FAU administrators are dropping like flies, instantly re-spawning

Graphic by Lulu Ramadan.
Graphic by Lulu Ramadan.

In the last two months, FAU’s President and Provost stepped down, while two more Associate Provosts and a Vice President left for similar jobs at other universities.

Monica Orozco and Janet Cramer, who oversaw the Center for eLearning and Instruction and Assessment, took new Provost positions at universities in New Mexico and Colorado respectively. The third administrator to leave for a new job was FAU’s Vice President of Community Engagement, Jennifer O’Flannery Anderson, who accepted a similar Community Relations vice presidency position at Nova Southeastern University.

But five FAU administrators are drops in the bucket compared to the university’s administrative hiring trends, which are only a reflection of national research on faculty-to-administration ratios.

Over the last ten years, as the amount of FAU administrators employed rose from 642 to more than 950 employed last fall, the amount of faculty employed peaked at 1,090 and then started its descent to 1,023 (see sidebar).

And although FAU is still transitioning into a more traditional university, from being known as a commuter school, traditional Florida universities like FSU have far fewer administrators managing far more faculty members.

Last fall, FSU employed 384 administrators to oversee 1,405 faculty members, according to the university’s Office of Institutional Research. And over the last ten years at FSU, the student body has increased from 37,328 to 41.301.

The trend is not abnormal either. Data from the U.S. Department of Education showed universities throughout the nation had increased the number of administrators by 60 percent from 1993 to 2009. Bloomberg Businessweek reported last November that was “10 times the growth rate for tenured faculty.”

With FAU reaching a record 30,301 student enrollment for the first time last fall, and the university still recovering from the last five years of budget cuts, the university has patiently hired more administrators, despite an increasing student-to-faculty ratio necessitating more professors..

When universities employ fewer faculty as enrollment grows and budgets shrink, while hiring more administrators, the universities suffer, according to the American Association of University Professors’ Director of Research and Public Policy, John Curtis.

“It does seem to be a national trend. Really that leaves us to raise the question of where the priorities are, in terms of the college’s and university’s mission,” Curtis said. He remains uncertain that universities are achieving their missions by hiring more administrators amid cuts in state funding.

“The way a lot of colleges and universities have been handling that is to shift more of their faculty positions from full-time positions to part-time positions, or in some cases, increasing the proportions of positions that are not on the tenured-track,” Curtis said. “That raises the question of how they’re going to focus on the core mission in higher education, which is teaching and research, and that’s what the faculty do.”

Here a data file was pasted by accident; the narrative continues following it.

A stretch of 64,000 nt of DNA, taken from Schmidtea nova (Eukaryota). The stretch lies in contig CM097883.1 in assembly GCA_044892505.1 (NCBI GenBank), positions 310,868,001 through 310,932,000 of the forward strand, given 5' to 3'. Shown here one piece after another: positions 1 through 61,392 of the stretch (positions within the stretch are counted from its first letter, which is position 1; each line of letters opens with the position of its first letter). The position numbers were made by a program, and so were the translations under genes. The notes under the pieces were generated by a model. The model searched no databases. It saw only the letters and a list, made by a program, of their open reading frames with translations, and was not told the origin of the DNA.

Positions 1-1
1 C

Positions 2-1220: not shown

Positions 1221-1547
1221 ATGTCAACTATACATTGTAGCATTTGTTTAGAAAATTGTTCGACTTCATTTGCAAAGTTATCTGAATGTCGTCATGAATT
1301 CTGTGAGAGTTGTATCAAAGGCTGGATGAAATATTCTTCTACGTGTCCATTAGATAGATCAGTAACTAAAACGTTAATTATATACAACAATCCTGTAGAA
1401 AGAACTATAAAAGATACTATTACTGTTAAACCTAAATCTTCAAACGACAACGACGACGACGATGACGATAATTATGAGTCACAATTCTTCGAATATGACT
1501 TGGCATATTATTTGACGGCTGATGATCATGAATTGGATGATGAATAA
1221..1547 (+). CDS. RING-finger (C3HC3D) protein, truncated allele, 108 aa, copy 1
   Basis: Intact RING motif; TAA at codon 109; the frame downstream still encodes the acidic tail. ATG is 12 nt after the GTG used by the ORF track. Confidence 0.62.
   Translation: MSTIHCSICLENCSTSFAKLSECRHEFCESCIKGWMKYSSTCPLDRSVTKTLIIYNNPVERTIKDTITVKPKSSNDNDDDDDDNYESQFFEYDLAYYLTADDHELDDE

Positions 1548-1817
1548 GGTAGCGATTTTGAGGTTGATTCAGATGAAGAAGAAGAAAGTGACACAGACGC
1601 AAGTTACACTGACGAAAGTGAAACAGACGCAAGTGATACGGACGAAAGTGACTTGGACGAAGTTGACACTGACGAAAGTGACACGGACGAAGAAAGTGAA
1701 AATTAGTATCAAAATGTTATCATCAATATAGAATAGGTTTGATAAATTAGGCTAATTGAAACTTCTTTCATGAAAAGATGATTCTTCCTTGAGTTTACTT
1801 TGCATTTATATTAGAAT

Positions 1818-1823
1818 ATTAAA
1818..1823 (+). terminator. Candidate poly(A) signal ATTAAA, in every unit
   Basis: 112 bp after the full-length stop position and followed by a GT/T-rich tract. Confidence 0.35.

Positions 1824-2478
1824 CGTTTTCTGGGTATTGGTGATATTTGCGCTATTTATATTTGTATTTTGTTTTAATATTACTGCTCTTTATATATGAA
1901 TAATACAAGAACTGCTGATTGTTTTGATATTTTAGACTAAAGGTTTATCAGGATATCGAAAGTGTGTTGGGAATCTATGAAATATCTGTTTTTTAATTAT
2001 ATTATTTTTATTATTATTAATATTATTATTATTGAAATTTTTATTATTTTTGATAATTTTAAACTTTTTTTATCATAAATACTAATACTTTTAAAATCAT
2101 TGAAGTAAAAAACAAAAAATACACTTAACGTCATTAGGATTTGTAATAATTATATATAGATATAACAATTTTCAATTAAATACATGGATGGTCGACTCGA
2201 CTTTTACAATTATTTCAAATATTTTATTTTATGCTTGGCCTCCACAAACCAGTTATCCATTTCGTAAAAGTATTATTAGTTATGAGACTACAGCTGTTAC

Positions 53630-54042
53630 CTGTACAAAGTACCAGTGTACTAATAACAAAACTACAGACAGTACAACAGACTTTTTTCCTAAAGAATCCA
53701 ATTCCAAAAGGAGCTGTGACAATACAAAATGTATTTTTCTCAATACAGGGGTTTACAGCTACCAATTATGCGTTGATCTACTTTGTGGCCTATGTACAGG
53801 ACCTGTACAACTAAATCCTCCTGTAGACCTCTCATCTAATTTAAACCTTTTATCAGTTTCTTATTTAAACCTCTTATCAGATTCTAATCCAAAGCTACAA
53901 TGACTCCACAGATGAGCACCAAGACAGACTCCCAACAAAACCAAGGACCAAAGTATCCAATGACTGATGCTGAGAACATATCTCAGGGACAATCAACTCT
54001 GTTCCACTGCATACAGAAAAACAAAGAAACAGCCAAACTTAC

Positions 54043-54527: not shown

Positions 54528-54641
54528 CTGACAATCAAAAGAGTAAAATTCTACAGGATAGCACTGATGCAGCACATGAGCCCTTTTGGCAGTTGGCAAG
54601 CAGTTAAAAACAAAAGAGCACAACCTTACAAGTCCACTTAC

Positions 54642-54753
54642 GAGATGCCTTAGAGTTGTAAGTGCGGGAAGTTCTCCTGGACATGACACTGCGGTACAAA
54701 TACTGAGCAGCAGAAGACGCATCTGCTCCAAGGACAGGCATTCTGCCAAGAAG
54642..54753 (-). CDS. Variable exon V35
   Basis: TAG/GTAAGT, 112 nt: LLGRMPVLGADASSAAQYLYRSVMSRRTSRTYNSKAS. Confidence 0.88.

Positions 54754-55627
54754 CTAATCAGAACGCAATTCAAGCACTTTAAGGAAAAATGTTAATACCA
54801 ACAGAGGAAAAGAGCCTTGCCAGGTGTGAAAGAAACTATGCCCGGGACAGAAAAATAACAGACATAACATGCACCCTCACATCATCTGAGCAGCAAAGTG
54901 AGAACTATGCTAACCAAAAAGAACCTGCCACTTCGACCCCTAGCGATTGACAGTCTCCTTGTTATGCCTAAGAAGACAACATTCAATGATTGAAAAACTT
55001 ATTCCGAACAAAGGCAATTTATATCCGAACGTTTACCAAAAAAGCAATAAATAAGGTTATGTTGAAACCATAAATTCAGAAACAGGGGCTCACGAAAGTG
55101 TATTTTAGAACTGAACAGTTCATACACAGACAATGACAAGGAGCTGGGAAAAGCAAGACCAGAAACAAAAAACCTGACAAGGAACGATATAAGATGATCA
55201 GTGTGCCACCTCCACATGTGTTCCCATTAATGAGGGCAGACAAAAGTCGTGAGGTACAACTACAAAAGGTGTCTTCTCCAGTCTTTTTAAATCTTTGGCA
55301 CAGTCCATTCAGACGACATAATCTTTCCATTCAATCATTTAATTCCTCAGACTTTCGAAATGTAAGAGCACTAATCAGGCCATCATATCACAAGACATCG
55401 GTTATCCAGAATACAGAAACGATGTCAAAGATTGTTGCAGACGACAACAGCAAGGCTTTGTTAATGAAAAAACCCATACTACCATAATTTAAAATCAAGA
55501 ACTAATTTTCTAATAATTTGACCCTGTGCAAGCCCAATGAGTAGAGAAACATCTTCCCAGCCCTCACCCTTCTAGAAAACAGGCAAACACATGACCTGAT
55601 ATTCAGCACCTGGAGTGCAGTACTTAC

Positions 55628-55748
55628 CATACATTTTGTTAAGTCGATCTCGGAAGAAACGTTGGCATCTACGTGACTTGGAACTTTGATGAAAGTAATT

More funding for administrative hires means fewer faculty, which translates to larger class sizes for students. This results in greater workloads for employed faculty and less time for them to focus on your education, according to Curtis.

“When you have a continuing shift of faculty positions that are fully supported, so that you have more faculty who are either part-time, or short-term full-time positions … they’re not able to spend the time with the students and really bring the experience from beyond the classroom to students because they’re just not as available,” Curtis said.

The UP reached out to FAU’s Office of University Communications and Marketing with questions about the increasing administrative hires and stagnant faculty hires, but as of publication time, they did not answer them.  The UP also reached out to the American Association of University Administrators to see how more administrators might benefit a growing student body, but as of publication time, they had not responded.

And the trend is showing no signs of slowing at FAU.

This year, the university employed 16 fewer administrators compared to last year but that’s almost 50 percent more than the amount that worked here in 2003. And while there may be more students as well, with FAU’s enrollment climbing from 22,859 to 30,301, there are fewer professors to educate them.

In terms of total faculty employed, this year is a 16 percent increase since 2003, but 54 professors and instructors have been let go since last year.

“It’s not that there shouldn’t be any administrative growth,” John Curtis said. “Obviously if the institution is growing, then there probably needs to be growth in terms of all different kinds of staffing.”